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The debt, deficit and federal spending
Canada’s economy is on the right track but an election may threaten growth, if you believe the federal Conservatives.
“Only Stephen Harper can deliver the stable national government that Canada needs to complete the economic recovery,” read the announcement on Day 1 of the election campaign.
In the government’s 2011 budget, rejected by all opposition parties, Harper put forward a low-tax plan for jobs and growth, that he promises will transform the country’s deficit into a surplus by the 2015-16 fiscal year.
With two months still left to report, the budget deficit so far this fiscal year is $27 billion. Coincidentally, Canadians have paid nearly as much in interest payments on the country’s $559-billion debt, during the same 10-month timeframe,
Debt is a key factor in a strong economy, according to economist Christine Brown in Camosun College’s faculty of business.
“The more money we have to spend on the interest payments ... the less money we have to spend on Canadians,” she said. “I don’t think Canadians realize how key it is,”
So are the Conservatives the party to fix the problem?
Not according to the budget they put forward, Brown said.
“This last budget was actually ... it was sort of insipid.”
Brown said the Conservatives will not address the deficit until after the election.
“They knew there was a possibility of an election being called and for that reason, it was very difficult for them to come up with any of the strong fiscal restraints (necessary for balancing the books).”
The University of Victoria’s James Lawson also questions the Conservatives’ position on the deficit.
A cynical reading of a strong Conservative economic position “could say that slaying the deficit is not entirely the medium-term goal,” said Lawson, a political science professor.
“Even if it hurts the deficit in the medium term, you cut taxes in order to expand the economy and the bigger tax base pays you back in the long run,” he said of the theory.
“Then you turn around and say, ‘the government is living beyond its means,’ and this becomes an opportunity to bring in the other side of economic Conservative thinking, which is shrinking the size of the state.”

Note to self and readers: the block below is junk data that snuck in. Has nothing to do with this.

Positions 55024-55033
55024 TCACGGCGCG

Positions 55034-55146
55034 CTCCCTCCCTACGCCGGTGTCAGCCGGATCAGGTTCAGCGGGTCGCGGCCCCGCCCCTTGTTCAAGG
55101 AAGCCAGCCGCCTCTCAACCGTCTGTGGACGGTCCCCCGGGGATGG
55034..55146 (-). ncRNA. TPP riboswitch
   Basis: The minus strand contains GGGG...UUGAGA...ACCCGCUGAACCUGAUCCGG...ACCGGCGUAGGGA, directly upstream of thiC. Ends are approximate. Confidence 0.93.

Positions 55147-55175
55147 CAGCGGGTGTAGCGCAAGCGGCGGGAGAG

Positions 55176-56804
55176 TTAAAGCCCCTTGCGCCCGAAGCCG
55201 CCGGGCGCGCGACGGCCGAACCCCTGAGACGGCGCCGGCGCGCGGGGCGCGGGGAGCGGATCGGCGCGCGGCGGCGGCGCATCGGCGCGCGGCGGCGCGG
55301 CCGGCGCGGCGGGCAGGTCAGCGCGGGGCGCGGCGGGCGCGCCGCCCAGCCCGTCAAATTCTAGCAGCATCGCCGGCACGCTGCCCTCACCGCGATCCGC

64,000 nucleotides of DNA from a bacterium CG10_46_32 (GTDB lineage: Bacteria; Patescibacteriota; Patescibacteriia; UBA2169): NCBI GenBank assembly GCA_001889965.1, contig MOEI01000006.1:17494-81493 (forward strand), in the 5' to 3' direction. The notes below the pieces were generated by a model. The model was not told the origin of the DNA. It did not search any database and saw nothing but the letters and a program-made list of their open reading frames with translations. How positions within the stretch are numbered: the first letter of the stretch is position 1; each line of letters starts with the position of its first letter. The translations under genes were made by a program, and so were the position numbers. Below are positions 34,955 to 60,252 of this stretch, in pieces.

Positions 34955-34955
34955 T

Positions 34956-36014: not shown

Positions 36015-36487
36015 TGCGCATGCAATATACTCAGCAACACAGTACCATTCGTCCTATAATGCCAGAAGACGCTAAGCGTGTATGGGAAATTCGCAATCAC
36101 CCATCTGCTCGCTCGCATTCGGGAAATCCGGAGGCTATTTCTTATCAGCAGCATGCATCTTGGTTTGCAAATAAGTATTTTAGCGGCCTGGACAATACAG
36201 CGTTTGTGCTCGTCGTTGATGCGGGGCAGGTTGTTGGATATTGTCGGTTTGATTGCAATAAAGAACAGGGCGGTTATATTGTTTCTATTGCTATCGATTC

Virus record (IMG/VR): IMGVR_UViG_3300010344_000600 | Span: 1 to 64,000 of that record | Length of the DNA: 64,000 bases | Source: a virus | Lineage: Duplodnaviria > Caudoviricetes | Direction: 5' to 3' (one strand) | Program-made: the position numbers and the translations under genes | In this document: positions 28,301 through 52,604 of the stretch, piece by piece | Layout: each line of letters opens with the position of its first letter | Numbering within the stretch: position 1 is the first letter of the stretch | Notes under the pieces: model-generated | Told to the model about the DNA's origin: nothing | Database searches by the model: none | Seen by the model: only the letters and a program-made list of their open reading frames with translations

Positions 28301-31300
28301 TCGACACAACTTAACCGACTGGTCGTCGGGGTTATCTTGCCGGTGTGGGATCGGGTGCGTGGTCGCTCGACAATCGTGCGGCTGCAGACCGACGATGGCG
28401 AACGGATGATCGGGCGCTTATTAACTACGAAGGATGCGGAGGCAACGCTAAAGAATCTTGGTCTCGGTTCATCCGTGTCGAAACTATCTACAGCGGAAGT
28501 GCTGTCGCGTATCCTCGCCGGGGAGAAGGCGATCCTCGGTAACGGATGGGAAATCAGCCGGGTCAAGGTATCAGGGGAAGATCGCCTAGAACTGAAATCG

The problem is there’s not good evidence to suggest tax cuts help to rebound the economy, he said.
On this point Brown disagrees – but both academics agree on a number of other points.
Both credit the Liberal party’s track record at reigning in deficits.
They also point to investment in education as critical to growing a strong knowledge-based economy.
“I believe that affordable education is the key to our future productivity, especially in B.C.,” said Brown.
Other economic policies that could benefit the local economy include a national social housing program, added Lawson.
“This region is really prospering by the boom in real estate for retirees,” he said. “That can really squeeze out people at the lower end of the income bracket.”
Federal investment would stimulate the construction trades and “make it easier for a key part of the local economy ... to stay in the region.”
Sasha Angus, economic development officer with the Greater Victoria Development Agency, also weighed in.
Though non-partisan, he praised the Conservative’s proposal to legislate a permanent annual investment of $2 billion in the gas tax fund to provide predictable, long-term infrastructure funding for municipalities.
The move would allow municipalities to invest in capital over the next five to 10 years, he said.
What would you do to build a strong economy? We asked candidates aiming to represent Victoria in the House of Commons.
“I’ll be the best salesman Victoria has sent to Ottawa since ... Sir John A. MacDonald,” said Conservative candidate Patrick Hunt.
“I’ll focus on creating jobs, especially in the area of employee training, where Victoria has a natural, untapped advantage,” he said. “I’ll actively market Victoria to corporate Canada and HRDC as an ideal centre for world-class leadership, management, accounting and sales training.”
Christopher Causton, representing the Liberals, said his party proposes “affordable tax rates, spending discipline, programs to boost youth employment and investments in education.”
Causton also took aim at the Conservative government, which he says, turned a $13-billion Liberal surplus into a $56-billion deficit.
“Their fiscally irresponsible policies are aimed at plunging Canada substantially deeper into a deficit for fighter jets, U.S.-style mega prisons and corporate tax cuts.”
NDP incumbent Denise Savoie added “the Conservatives’ HST debacle” to the list of alleged misspending. They’re examples of a “tax and spend” approach sometimes misattributed to the NDP, she argued. “The NDP prefers ‘tax fair and spend smart.’”
“Tax fair means making wealthy individuals and corporations pay their share,” she said. “Spend smart means investing in the green economy, an educated workforce, public transit ... and preventive approaches to health care.”
Green candidate Jared Giesbrecht shares the “smart” lingo. A strong economy is a smart economy, which entails balanced budgets and clear incentives for job creators, he said.
“We can reward hard work and waste reduction with meaningful tax breaks for citizens, and bring an end to corporate welfare, a tax on carbon pollution, and stable funding for municipalities.”